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The Stories of Devil-Girl (Reflections of America Series) Paperback – May 7, 2008


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Product Details

  • Series: Reflections of America Series
  • Paperback: 128 pages
  • Publisher: Modern History Press; First edition (May 7, 2008)
  • Language: English
  • ISBN-10: 193269062X
  • ISBN-13: 978-1932690620
  • Product Dimensions: 5.5 x 0.3 x 8.5 inches
  • Shipping Weight: 4.8 ounces (View shipping rates and policies)
  • Average Customer Review: 4.7 out of 5 stars  See all reviews (6 customer reviews)
  • Amazon Best Sellers Rank: #2,309,452 in Books (See Top 100 in Books)

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3 of 3 people found the following review helpful By Tyler R. Tichelaar on June 12, 2009
Format: Paperback
Reading Anya Achtenberg's novella "The Stories of Devil-Girl" is a unique experience. Describing "The Stories of Devil-Girl" is difficult. Readers really need to experience the language for themselves. To give a taste of the style, here is a passage from the novel's opening when Devil-Girl describes the circumstances of her birth in New York:

I was born here as the one I had violated during another lifetime, I'm sure of it. I was born here to walk the avenue between life and death. To fill out the forms of denial. To rave in the road and stop traffic with my stillness, as some do with their anger. To prowl the bootless alleyways, to drink the spoiled fluids of men. To flail beneath the Devil. To sprout breasts in the lunar lots of Bushwick, where the maws of an old Frigidaire caught my friend Penelope and she froze to a fetus, knees to lips, gray fists clenched.

Devil-Girl's first memory is of someone trying to strangle her--someone she later believes must be the mother who clearly does not want her. Her father is not much more friendly. When she leaves home and begins giving men what they want so she can survive, she compares herself to the monster in Mary Shelley's "Frankenstein" who was "unnatural, bereft of a determinable childhood." When Devil-Girl learns about Lilith, the woman in Jewish tradition depicted as Adam's first wife, driven from Eden as evil, she takes on a similar identity. Devil-Girl encounters perverts and sadists who relish the chance to use and abuse her. But despite her negative experiences, Devil-Girl has a hopeful spirit; she senses there is some good in her, and she becomes a kinder version of Lilith; while the mythical Lilith sought children to punish and kill, Devil-Girl will ultimately find others like her whom she can protect and nurture.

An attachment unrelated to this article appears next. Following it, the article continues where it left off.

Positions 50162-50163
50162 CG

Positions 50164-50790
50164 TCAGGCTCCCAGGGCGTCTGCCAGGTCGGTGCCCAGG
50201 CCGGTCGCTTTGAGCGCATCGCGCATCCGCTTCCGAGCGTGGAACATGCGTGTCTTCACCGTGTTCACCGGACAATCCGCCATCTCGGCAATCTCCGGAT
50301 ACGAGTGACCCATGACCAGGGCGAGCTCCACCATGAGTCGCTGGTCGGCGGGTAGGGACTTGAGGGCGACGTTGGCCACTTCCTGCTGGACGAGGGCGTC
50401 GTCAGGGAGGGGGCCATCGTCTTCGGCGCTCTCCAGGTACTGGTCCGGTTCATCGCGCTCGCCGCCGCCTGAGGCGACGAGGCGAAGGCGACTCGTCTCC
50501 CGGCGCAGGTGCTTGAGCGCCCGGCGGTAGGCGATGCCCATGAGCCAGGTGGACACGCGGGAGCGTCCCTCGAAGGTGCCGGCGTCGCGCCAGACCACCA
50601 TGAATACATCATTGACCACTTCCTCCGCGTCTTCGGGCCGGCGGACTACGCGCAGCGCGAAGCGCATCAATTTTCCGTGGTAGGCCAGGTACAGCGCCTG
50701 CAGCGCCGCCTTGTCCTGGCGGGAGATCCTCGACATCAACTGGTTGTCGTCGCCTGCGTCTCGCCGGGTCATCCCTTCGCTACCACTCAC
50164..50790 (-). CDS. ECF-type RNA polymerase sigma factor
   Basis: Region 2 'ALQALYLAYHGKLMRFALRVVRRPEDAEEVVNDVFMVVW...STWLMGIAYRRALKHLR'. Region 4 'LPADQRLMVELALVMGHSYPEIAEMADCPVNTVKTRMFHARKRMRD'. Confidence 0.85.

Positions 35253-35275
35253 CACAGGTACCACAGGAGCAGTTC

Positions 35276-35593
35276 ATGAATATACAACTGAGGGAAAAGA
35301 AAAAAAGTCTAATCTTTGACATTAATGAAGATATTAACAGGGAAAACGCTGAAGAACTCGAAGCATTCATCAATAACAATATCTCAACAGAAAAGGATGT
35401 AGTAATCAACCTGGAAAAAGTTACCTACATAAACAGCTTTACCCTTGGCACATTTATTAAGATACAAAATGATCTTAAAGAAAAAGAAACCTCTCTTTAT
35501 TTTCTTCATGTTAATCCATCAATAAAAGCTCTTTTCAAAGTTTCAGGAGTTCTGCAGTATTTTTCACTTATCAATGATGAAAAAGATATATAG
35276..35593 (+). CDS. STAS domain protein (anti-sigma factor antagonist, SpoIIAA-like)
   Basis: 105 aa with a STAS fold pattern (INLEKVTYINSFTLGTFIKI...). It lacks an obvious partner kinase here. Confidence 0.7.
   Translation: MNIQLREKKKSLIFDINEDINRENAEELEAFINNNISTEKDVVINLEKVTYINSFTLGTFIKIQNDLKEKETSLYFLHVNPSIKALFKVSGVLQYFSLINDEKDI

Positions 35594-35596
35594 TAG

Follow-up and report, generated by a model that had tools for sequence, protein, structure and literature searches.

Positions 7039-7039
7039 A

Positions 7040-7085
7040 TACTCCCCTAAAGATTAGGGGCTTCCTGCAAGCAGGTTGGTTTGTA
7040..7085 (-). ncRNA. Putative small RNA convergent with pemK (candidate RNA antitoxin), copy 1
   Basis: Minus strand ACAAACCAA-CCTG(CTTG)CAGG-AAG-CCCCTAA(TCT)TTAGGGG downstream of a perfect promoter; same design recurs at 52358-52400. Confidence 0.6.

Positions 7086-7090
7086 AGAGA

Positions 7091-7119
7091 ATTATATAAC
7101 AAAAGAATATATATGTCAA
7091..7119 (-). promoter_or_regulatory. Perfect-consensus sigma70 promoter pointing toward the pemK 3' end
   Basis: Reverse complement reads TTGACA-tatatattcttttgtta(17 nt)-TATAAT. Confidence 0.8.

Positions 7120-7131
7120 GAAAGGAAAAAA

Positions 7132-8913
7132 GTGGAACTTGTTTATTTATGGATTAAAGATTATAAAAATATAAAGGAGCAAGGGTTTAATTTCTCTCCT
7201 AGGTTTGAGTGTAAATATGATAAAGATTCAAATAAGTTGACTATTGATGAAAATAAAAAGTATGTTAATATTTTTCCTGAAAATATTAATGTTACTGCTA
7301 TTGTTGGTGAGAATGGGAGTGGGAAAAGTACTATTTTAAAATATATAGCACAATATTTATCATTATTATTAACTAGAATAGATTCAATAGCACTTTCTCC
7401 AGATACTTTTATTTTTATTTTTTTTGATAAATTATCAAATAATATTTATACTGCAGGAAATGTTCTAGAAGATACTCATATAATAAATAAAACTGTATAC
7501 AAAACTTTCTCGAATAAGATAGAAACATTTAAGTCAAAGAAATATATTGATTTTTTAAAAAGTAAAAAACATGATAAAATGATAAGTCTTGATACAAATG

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2 of 2 people found the following review helpful By 2booked~ on July 16, 2008
Format: Paperback
Reading Anya Achtenberg is like a sculptor creating something beautiful out of a lump of hard, cold stone. The chips of pain fall away as the narrator slowly escapes the confines of her childhood. Piece by piece fall away revealing more and more truths about life. Not since reading The Glass Castle by Jeannette Walls have I felt the pain and torment of this kind of childhood. Eventually as the real person evolves we see the freedom that is in the heart really revealed. Lovely!
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2 of 2 people found the following review helpful By SharonID on July 14, 2008
Format: Paperback
Anya Achtenberg wields words with the precision of a diamond cutter. The scalpel's edge of her pen cuts deep and true--to the heart, the soul, the bone. Devil-Girl flares through the murk of her world with an incandescent brilliance and effervescent honesty that will stay with you long after you put the book down. Compelling and poignantly triumphant.
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